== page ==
It is not right or realistic to expect all individuals to make as much money as possible in order to pay as much as possible in taxes and rely as little as possible on the government.

There is certainly plenty of fodder for liberal anxiety as the ACA lurches forward, from the latest delay (medium-size companies now have until 2016 to provide health insurance or pay a penalty) to the measured CBO analysis that projects a slower-growing workforce, lower tax revenues and higher deficits as a result of the law to the taxpayer-financed subsidies that will make it possible for some people not to work. But Elmendorf also wrote that the trade-offs are “intrinsic in any effort to significantly increase health insurance coverage or to provide other types of benefits that are aimed at low-income people.” In other words, it’s a judgment call as to whether they are good or bad for the country.

The conservative Texas-based blogger Melissa Clouthier tweeted that it’s “immoral” to rely on taxpayer subsidies if you are able to work. Yet, looking at the bigger picture, people make choices all the time that cause them to work more or fewer hours and earn more or less money — from parents who want to be home with their kids to idealists who would rather be social workers than rack up a fortune on Wall Street. It is not right (or realistic) to expect all individuals to make as much money as possible in order to pay as much as possible in taxes and rely as little as possible on the government.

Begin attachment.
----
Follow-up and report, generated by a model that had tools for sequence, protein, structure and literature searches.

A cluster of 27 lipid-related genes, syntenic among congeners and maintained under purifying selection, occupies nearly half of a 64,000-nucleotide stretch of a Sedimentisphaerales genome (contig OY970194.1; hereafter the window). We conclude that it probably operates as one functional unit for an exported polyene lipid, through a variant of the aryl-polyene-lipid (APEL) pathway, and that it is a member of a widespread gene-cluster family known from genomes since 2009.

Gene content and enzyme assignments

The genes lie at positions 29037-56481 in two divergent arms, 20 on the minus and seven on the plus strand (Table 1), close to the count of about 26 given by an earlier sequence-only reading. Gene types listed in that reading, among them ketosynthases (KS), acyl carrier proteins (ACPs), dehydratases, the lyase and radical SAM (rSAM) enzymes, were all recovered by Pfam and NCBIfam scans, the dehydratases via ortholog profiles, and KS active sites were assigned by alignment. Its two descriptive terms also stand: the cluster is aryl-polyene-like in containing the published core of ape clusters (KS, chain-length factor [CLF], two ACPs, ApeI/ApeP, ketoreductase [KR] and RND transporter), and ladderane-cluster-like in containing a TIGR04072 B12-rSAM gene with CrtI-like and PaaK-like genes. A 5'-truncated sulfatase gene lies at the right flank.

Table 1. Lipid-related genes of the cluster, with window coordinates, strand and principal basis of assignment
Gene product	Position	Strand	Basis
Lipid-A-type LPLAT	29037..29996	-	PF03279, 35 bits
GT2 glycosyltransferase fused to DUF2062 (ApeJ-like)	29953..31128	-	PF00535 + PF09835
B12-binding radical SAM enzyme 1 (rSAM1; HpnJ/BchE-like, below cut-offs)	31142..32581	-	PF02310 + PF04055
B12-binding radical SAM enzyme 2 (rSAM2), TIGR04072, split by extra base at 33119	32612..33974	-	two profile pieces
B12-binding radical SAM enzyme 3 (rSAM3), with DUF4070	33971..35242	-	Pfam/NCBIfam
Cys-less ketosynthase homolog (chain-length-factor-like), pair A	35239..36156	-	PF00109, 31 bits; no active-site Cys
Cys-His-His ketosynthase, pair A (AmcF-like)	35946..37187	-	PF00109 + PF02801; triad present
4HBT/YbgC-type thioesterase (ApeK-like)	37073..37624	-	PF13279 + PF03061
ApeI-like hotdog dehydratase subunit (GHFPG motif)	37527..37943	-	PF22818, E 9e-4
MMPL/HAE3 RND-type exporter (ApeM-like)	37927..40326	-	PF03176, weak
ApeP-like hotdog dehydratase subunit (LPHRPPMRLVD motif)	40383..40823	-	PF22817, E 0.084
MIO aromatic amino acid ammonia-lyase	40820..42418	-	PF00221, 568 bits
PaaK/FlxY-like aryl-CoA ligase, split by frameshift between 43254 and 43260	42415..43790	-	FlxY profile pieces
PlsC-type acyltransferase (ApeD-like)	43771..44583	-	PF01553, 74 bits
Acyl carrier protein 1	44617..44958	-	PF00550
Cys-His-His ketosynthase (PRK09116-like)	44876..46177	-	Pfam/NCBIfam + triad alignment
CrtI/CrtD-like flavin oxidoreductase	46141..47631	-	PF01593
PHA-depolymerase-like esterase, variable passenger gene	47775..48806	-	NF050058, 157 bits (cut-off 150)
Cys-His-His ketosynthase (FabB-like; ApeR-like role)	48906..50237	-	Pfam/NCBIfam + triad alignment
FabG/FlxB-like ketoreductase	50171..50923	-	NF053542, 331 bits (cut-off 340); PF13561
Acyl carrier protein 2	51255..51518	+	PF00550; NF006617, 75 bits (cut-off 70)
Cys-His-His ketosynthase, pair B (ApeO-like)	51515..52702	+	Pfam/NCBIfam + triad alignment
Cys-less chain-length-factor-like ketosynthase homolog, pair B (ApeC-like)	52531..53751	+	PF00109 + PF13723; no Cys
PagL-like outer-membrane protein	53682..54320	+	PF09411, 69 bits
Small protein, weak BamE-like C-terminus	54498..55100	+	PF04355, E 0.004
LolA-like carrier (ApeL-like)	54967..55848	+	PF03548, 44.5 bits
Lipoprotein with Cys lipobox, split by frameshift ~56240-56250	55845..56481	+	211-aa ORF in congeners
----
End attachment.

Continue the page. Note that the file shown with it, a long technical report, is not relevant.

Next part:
The political argument played out on my Twitter account after I noted that in interpreting the CBO report, “some people see a bunch of slackers leaving the workforce and their salaries so they can get free health insurance,” while “others see people who are older, disabled or young parents leaving workforce, grateful they can still get insurance.”

Liz Steinkamp of Illinois responded that whatever their reasons, the upshot of people’s quitting or cutting back their hours will be that “millions must work harder so these others can work less. Frankly, I'm resentful.” But is that the case when there are three people for every job opening? Tara Radosevich of Minnesota put it this way in another tweet, “I was in an unpleasant job just for healthcare. Now we can afford it and I can be a mom. They’ll rehire. Win-win.”

Family is one of many factors at play as people decide whether and how much to work. The Washington Post profiled two people who were able to quit their jobs as a result of the ACA. One, in her mid-50s, is now caring for her granddaughter so her single daughter can work. The other is working with a nephew who survived cancer to start a social-media and video-gaming website for young people with the disease. Both these people are not paying the level of taxes they paid before, and they receive subsidies to help cover their insurance costs. But who can say those decisions are wrong? And who can predict the future of that new website? Maybe it will take off and create jobs for others.

That said, nobody wants to see people quitting work and sitting idle simply because it would allow them to qualify for high monthly subsidies. If there are ways to tweak the law to discourage the moocher mentality, let’s hear about them. But there’s no need for anyone to get misanthropic about it or for Republicans to throw their talk of family and freedom under the bus. 

Jill Lawrence, the author of the Brookings Institution’s Profiles in Negotiation series, is a U.S. News & World Report contributing editor and a member of USA Today’s board of contributors.

The views expressed in this article are the author's own and do not necessarily reflect Al Jazeera America's editorial policy.